This is a case involving a lawyer who successfully obtained employment with DCFS. The ARDC charged that he falsified his Illinois Employment Application by listing employment at a company. By falsifying employment (and salary) the lawyers was able to obtain a higher salary than he otherwise would have obtained.
“On July 1, 2003, Respondent received a four-year term position as an attorney with DCFS at a salary of $85,000. (Tr. 51, 55). That position required him to be a lawyer. (Tr. 270). At that time, Respondent was aware of the Governor’s Office’s policy that new employees to State government could not receive 10% more than their most recent salary. (Tr. 52-53). However, he also was aware that exceptions could be made to this policy. (Tr. 53-54).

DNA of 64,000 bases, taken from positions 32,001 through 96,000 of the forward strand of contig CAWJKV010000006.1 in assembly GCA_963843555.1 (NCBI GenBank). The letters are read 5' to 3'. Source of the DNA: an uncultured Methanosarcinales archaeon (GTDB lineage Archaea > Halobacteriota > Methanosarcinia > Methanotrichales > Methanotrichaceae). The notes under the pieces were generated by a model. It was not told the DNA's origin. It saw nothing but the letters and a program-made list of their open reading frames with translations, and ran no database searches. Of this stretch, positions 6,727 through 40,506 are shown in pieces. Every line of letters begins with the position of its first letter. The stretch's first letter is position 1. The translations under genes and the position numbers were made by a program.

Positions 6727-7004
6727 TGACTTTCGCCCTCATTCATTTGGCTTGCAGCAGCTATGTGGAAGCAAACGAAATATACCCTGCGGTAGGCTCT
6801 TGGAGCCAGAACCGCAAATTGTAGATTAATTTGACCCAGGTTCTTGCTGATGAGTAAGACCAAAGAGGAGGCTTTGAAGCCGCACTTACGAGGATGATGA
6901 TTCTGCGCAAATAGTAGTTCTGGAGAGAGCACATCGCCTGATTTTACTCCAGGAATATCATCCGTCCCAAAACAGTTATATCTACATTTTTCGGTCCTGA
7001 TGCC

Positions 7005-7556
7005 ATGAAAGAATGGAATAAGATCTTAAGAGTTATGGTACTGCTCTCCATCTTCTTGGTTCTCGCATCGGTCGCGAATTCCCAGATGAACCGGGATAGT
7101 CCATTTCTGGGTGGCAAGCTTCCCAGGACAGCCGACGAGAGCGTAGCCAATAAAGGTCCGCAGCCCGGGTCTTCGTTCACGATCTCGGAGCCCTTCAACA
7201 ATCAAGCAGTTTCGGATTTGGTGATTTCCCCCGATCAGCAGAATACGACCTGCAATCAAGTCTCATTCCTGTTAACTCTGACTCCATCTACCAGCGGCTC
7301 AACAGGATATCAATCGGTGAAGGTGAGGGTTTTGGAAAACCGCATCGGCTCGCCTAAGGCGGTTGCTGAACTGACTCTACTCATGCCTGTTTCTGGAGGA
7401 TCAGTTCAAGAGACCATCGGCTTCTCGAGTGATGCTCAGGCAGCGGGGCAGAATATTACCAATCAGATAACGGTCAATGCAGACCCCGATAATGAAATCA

Shortly thereafter, DCFS asked for verification of Respondent’s employment and salary at Codevco. (Tr. 57). Respondent testified he was upset by this request, but did not admit to anyone at DCFS that he had not served as legal counsel to Codevco and that he was not paid a salary by Codevco. (Tr. 59). Instead, he asked his father, who worked at Codevco, to provide a letter verifying his employment. (Tr. 59; Adm. Ex. 2). Respondent testified he does not recall the specifics of that conversation with his father. (Tr. 59-60). However, he admitted he knew that by providing the letter he was providing false information. (Tr. 60). After he submitted the letter from Codevco, DCFS made no further requests for Respondent’s employment verification. (Tr. 60).”
The panel held that the lawyer violated Rule 8.4(a)(4) which prohibits conduct involving dishonesty, fraud, deceit, or misrepresentation.
In 2007, the lawyer was not rehired by DCFS. He filed a lawsuit against DCFS, which was dismissed.
The sad part of this case is that the error occurred in 2003, eleven years ago, yet disciplinary proceedings are ongoing.
Edward X. Clinton, Jr.